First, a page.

Farm Progress

This Old Barn: The Lost Creek Reserve Sweitzer barn is the first stop on the Friends of Ohio Barns annual barn tour.

Pamela Whitney Gray

October 25, 2018

3 Min Read
SWEITZER BARN: The Lost Creek Reserve Sweitzer Barn was built in 1832 by the John and Barbara Knoop family.Photos by Pam Gray

The smell of autumn was in the crisp, clean air as Friends of Ohio Barns met at Lost Creek Reserve and Knoop Agricultural Heritage Center, the first stop on the annual 2018 fall tour. This beautifully kept homestead in southwestern Ohio is a must-see for the barn lover and history buff. It was a great start to a wonderful day of barns, history, fun and friendship.

Tama Cassidy, public education coordinator for Miami County Parks, was our guide for this step back in time. She told the story of the John E. and Barbara Knoop family, of the homestead they established, and the role the five generations of Knoops played in the founding and growth of Troy, Ohio, and the surrounding area.


HISTORIC HOME: This historic photo shows the Victorian house along Lost Creek. It was built in 1883 and still stands today.


Log house first building
The story began in the year 1800, when the Knoops built a two-story log house overlooking Lost Creek. It was surrounded by lush vegetation and had a natural supply of fresh water provided by a nearby spring. After clearing and cultivating the soil, they built a small, one-story brick house in 1815. In 1832, they raised the large, timber-frame bank barn that also overlooks the banks of Lost Creek.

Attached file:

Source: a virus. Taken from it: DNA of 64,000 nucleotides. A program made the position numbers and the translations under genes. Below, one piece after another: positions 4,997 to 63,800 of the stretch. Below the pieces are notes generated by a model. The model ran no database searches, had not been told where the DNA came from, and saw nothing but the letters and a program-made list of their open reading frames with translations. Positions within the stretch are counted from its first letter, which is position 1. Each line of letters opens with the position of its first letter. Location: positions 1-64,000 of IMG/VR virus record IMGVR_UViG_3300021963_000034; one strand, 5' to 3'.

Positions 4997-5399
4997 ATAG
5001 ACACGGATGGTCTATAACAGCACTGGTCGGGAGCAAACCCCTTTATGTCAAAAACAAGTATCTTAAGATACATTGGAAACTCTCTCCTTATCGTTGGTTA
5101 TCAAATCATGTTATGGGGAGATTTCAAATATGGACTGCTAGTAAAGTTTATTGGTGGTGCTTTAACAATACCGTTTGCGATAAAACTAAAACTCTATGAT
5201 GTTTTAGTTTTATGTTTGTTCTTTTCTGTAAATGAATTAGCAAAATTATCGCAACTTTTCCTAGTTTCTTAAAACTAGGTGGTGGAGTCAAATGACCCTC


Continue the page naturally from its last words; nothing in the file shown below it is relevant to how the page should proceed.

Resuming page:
The timber-frame barn is built in the Sweitzer style; because of the early construction date, it was thought it might have been built with the scribe rule method. However, it was not. The newer square-rule method of construction was used. In the peak of the roof is a wooden hay track, complete with hay car and grappling hooks, to move long, loose hay from wagon to mow. The barn sits on a beautiful stone foundation. Fenestrations of Gothic louvers grace the walls of the barn. It was built to make a statement as well as for function.

The stately bank barn was protection for the family livestock from the many predatory animals in the surrounding woods. It also stored and protected the grasses and grains for the oxen, cows and other small animals necessary for survival in the wilderness. It was some years later when horses were added for fieldwork and everyday transportation.


KEEPING IT COLD: This 1800s indoor refrigeration system uses a spring water-fed trough in the dining room to keep food cold.

Blacksmith shop key to homestead
Of the other small outbuildings on the homestead, one of the most important was the blacksmith shop. The smithy fabricated everything from farm implements and hand tools to utensils for the house and kitchen. It was also the blacksmith’s job to keep things repaired and ready for use. Other buildings included a small hay barn, a corncrib and a buggy shed. Some of these smaller buildings are topped with original weather vanes.

In 1883, a new Victorian house was built to grace the serene grounds of the homestead, and the brick house was abandoned and dismantled. The stately Victorian mansion still stands today and can also be toured. The most unique feature is an indoor, live-fed, open-water trough. Crocks of milk, cream and butter along with other foodstuffs were set in the cold spring water running through the trough. The house is furnished with period pieces, and the woodwork in all the rooms is beautiful.

This is one of the most original, complete and historically documented homesteads I have seen. It is near Troy, Ohio, at 2385 E. State Route 41, and it is the largest park in the Miami County Park system, with 457 acres. It offers trails for hiking, cross-country skiing and spotting wildlife in the surrounding fields and woods. For more information visit,

I’m still searching for and identifying the oldest, historically significant and/or most unique barns in each of the 88 counties in Ohio. My list is growing with each contact I receive from you, the readers. If you know of any barns with these qualifiers, especially if they are in danger of being lost, please contact Pam Gray at [email protected] or call 740-263-1369. 

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